Alyssa over at Yes That Too has written and is writing a fair bit on the topic of how Divergent could have been empowering for our community and instead it was a betrayal. A presentation I did brought it back up to the top of my mind, so here is my contribution to the Disability Discussion on Divergent.
Dear Ms Roth,
It has taken me years to write this to you & now I'm doing it almost on impulse all in one sitting. There's things you're probably tired of hearing that I couldn't figure out how to avoid doing, so I'm not going to avoid doing them. Instead, I am going to speak sincerely, from my heart, about the impact your work had on me and the impact it could have had.
The first thing I couldn't figure out how to do, Ms Roth, is how to not compare Divergent to Hunger Games. I'm tired of hearing people fabricate similarities beyond the obvious (both driven by strong teenage girl protagonists?) so I can't imagine how tired you are of it. But I can't, because part of explaining what Divergent could have been for me is by comparing it to what Hunger Games was.
If we are being brutally honest, I'm mostly a Katniss. Katniss in the books looks like me. Uncannily like me. We have similar physical abilities. We figured out how to survive because we had to. We are both, if I may flatter myself, accidental revolutionaries and unintentional symbols rather than people to an unfortunately large number of people. I'm not overthrowing any governments, but I do find myself saying "who are all these people and why are they behind me?" more than once a decade. And I'm introverted, socially awkward, and good with a bow.
But Tris isn't not relateable, nor, if I am being honest, is Four. Like Tris I have multiple aptitudes (and Amity isn't one of them). Like Tris I'm an adrenaline junkie. Like Tris I'm bravest when it's for someone else. And like Four it's not so much that I'm naturally brave as that the monster under the bed lived in my home and controlled me until I could get away. (Incidentally, touching on abusive parents who are well regarded by the community was incredibly important for me. Everything shies away from that. You confronted it. That mattered to me.)
The Dauntless manifesto didn't just speak to me, Ms Roth. It sang to my soul. The saint I was named for said "I hate silence when it is a time for speaking," and the Dauntless manifesto took that and spread it out like a secular profession of faith. I believe that the cowardice of good people is what lets injustice prevail. I believe that it is my duty to shout when the person next to me can only shake. I believe to the core of my being in ordinary acts of bravery, in action, in walking what you talk. I believe that silence is assent and that it is better to die on your feet than live on your knees.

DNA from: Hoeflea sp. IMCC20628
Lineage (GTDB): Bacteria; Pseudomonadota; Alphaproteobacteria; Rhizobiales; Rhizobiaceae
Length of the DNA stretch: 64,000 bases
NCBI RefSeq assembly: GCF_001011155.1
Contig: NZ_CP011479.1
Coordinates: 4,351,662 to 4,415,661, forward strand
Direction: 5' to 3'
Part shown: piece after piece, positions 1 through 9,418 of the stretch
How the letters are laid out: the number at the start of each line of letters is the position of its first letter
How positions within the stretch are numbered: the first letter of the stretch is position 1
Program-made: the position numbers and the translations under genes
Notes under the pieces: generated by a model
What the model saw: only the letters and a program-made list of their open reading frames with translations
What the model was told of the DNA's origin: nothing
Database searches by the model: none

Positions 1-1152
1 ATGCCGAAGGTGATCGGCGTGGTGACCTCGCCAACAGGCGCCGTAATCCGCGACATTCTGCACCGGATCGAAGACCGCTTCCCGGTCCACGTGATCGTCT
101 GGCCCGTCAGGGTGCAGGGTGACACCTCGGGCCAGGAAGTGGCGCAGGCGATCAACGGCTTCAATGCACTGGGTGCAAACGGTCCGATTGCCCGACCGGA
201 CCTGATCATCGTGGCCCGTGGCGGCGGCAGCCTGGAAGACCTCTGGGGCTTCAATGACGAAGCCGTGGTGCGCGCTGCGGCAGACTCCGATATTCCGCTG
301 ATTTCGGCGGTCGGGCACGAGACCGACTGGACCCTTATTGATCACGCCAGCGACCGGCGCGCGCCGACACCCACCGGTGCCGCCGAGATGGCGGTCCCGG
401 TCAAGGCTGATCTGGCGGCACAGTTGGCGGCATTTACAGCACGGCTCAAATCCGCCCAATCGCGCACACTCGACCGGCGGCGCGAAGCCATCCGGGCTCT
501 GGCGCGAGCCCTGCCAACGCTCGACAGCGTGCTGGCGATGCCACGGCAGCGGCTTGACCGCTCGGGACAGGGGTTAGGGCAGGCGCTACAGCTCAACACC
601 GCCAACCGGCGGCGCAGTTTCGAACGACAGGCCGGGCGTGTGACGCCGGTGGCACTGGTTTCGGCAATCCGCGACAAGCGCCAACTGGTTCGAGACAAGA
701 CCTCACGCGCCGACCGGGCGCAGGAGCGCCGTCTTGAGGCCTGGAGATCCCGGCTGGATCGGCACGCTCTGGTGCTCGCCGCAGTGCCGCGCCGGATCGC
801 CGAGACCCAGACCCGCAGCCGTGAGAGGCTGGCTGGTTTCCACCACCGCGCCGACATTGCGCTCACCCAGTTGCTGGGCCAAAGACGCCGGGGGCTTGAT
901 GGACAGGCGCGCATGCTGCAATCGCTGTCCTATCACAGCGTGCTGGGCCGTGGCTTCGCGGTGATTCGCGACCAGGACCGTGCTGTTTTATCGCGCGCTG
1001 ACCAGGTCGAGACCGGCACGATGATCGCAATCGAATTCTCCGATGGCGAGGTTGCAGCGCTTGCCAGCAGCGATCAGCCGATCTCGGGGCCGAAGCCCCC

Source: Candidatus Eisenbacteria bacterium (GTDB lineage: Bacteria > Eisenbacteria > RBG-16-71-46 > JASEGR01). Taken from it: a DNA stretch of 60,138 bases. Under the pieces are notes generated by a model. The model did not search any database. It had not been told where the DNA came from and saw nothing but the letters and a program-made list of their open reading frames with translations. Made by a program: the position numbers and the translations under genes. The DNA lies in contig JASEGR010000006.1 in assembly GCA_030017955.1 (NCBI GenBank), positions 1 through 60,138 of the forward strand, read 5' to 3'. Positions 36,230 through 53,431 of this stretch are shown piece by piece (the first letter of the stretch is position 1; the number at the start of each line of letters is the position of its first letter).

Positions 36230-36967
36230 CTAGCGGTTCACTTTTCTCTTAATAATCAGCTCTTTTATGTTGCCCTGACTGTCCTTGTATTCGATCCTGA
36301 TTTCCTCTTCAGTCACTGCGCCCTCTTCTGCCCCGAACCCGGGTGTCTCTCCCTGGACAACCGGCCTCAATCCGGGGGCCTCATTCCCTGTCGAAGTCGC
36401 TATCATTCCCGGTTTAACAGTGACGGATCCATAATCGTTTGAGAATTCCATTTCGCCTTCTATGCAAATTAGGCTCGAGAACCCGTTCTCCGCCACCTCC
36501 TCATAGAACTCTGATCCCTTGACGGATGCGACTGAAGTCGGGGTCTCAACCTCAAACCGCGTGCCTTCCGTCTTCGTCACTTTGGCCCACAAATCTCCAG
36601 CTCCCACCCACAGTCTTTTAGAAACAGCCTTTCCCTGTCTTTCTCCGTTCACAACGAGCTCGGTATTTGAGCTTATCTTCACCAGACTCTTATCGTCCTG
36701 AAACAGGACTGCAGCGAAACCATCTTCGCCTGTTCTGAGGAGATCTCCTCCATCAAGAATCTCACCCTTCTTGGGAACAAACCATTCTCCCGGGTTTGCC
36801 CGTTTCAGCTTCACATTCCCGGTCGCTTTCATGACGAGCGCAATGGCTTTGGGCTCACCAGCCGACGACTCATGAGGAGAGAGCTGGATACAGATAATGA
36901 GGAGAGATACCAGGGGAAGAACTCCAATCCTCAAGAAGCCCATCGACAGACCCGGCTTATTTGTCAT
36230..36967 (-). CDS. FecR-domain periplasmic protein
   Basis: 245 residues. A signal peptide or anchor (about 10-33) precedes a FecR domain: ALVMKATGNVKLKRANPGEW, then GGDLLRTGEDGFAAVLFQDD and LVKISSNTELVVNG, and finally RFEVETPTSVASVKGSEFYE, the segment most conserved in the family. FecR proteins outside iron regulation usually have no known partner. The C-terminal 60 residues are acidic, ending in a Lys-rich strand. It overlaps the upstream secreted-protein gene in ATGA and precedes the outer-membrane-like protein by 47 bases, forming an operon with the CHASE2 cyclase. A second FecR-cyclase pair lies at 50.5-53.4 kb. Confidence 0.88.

I thought I was going to be getting lines tattooed on my body, because the words you wrote are my moral core made poetry.
At least that's what I thought until the end of the second book.
Let's go back to the title a moment. Divergent. To differ from what is expected. I've been using Neurodivergent as a self identifier since I was Tris's age. That's a long time. I am Autistic. I am epileptic. I have C-PTSD (Four and I have that in common). And when you are neurodivergent, you learn to hide--just like in the world you built, the Divergent must hide.
But then we got to the end of the second book.
I can't put this nicely, Ms Roth: you used a word that my community is quite attached to and used it to sell us eugenics.
That's right, I said it. But so did you, though not in those words.
In the world you created, I wouldn't exist. I have genetic conditions that certainly would have been engineered away before personality traits that people don't like (as a biologist, I can tell you that would be impossible anyway, but I'm not here to lecture your science. I'm here to express betrayal that you started off so well and then gave me eugenics).
In the world we live in right this minute, Ms Roth, Nazis are on the rise. Eugenics never went away in the US. I know you aren't aware of disability issues at all, but forcible sterilization still happens to disabled people every day. People are given worst case scenarios about pregnancies that might have a disability, to encourage people who otherwise want that child to try for one that isn't defective. There's places where it is illegal for disabled people to have sex. People murder their disabled children with near impunity. People deprive disabled people of sex ed and of opportunity to develop romantic relationships if they so choose. The barriers to parenting while disabled are enormous. People make sure you know that a child like you is the least responsible thing you could possibly create.
Nazis are literally marching in the street. I am not being hyperbolic; they are carrying swastikas.
And you handed us a pretty blonde girl who is the pinnacle of perfect genes, hidden in a wholesomely gritty young adult post apocalyptic speculative fiction trilogy. That's some really unfortunate implications.
The betrayal, Ms Roth, the betrayal. It cuts. This isn't a simulation. This is real. And the reality is that your popular series undermines my right to exist. That's wrong. I matter.
I believe in bold deeds. I believe in bold words. And I believe that ignoring the eugenics propoganda buried in a popular story for my comfort is an ugly, cowardly lie.
Post a Comment